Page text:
To test whether these visual or auditory stimuli may have been perceived despite the statements to the contrary, the observers were asked to make guesses regarding the stimuli. For example, if half the stimuli were letters and half the stimuli were digits, the observers may have been asked to guess whether a letter or a digit had been presented. The consistent result found in these early studies was that the observers’ guesses regarding the stimuli were more correct than would be expected on the basis of chance guessing. In other words, despite the observers’ statements indicating that they were unaware of perceiving the stimuli, their guesses indicated that they did in fact perceive sufficient information to make accurate guesses regarding the stimuli. Over the years, there have been literally hundreds of studies following a similar format. Taken together, these studies show that considerable information capable of informing decisions and guiding actions is perceived even when observers do not experience any awareness of perceiving.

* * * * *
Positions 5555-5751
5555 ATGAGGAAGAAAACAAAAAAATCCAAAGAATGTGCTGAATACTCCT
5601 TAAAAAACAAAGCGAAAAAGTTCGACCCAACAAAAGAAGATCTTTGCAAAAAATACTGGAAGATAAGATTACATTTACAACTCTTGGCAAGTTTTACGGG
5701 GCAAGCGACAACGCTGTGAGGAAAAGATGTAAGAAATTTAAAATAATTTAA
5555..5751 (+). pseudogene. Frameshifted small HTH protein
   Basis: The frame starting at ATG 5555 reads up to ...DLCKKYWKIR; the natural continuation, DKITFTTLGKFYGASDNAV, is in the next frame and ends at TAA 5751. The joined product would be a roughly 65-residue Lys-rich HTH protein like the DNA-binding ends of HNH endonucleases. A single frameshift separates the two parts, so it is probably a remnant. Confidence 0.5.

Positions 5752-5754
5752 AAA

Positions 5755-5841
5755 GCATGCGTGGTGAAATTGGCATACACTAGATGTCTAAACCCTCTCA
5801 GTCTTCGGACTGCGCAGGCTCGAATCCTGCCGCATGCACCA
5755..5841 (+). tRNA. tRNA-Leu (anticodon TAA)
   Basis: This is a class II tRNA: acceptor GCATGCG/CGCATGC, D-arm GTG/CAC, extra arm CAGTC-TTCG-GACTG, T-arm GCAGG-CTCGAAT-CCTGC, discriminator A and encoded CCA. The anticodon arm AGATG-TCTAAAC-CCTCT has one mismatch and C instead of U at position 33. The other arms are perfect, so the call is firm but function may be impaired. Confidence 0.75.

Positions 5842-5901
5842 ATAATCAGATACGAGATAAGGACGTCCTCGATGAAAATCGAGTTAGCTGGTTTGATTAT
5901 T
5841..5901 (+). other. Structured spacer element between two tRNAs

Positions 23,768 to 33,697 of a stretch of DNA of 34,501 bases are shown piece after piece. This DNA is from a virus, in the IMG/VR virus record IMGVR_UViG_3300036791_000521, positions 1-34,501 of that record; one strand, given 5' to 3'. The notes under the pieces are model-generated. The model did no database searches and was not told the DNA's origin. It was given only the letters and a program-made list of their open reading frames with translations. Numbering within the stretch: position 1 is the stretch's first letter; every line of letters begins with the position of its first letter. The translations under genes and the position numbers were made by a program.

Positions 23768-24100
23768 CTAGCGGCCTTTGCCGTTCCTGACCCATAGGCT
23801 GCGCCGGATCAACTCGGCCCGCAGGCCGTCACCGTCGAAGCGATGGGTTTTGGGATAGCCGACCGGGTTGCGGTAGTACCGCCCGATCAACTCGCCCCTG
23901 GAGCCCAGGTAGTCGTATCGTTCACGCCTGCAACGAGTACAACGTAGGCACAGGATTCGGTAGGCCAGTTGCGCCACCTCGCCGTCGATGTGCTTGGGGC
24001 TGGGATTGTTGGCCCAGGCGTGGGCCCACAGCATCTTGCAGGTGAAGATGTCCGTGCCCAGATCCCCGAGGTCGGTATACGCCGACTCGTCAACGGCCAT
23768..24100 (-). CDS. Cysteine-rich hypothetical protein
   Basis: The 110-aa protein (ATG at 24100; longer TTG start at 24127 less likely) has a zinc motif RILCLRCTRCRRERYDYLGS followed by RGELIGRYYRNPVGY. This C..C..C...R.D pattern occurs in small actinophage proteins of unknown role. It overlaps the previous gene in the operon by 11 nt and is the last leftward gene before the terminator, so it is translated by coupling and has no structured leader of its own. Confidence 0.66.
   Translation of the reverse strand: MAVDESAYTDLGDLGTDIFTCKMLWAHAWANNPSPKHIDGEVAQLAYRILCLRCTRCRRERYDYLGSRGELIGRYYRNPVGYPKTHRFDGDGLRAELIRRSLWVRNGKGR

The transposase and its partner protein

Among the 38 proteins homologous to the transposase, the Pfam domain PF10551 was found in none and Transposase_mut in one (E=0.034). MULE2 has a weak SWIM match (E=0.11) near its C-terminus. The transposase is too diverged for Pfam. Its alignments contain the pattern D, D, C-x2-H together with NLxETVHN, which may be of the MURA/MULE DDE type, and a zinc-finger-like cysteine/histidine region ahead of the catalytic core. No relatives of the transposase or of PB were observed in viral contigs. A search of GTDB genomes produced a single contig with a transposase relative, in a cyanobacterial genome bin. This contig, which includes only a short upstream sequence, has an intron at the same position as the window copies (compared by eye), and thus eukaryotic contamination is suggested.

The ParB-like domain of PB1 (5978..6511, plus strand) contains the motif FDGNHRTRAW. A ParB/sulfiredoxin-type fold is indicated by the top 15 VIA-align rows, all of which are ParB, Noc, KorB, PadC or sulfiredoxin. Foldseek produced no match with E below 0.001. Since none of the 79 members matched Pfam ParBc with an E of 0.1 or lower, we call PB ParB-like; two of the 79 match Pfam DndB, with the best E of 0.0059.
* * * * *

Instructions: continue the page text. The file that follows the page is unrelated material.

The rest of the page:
Another way in which subliminal perception has been demonstrated in controlled laboratory studies is by showing that stimuli can be perceived even when they are presented under conditions that make it difficult if not impossible to distinguish one stimulus from another stimulus. The classic studies were conducted in the 1970s by the British psychologist Anthony Marcel. These experiments were based on previous findings indicating that a decision regarding a stimulus is facilitated or primed when the stimulus follows a related stimulus.

For example, if an observer is asked to classify a letter string as either a word (e.g., doctor, bread) or a nonword (e.g., tocdor, dreab), a letter string such as the word doctor will be classified as a word faster when it follows a semantically related word (e.g., nurse) than when it follows a semantically non-related word (e.g., butter).

Marcel found that words facilitated or primed subsequent word/nonword decisions to letter strings even when the words were presented under conditions that made it difficult if not impossible for the observers to distinguish when the words were present from when the words were absent. Since the time of Marcel’s original experiments, there have been many other studies that have used similar methods.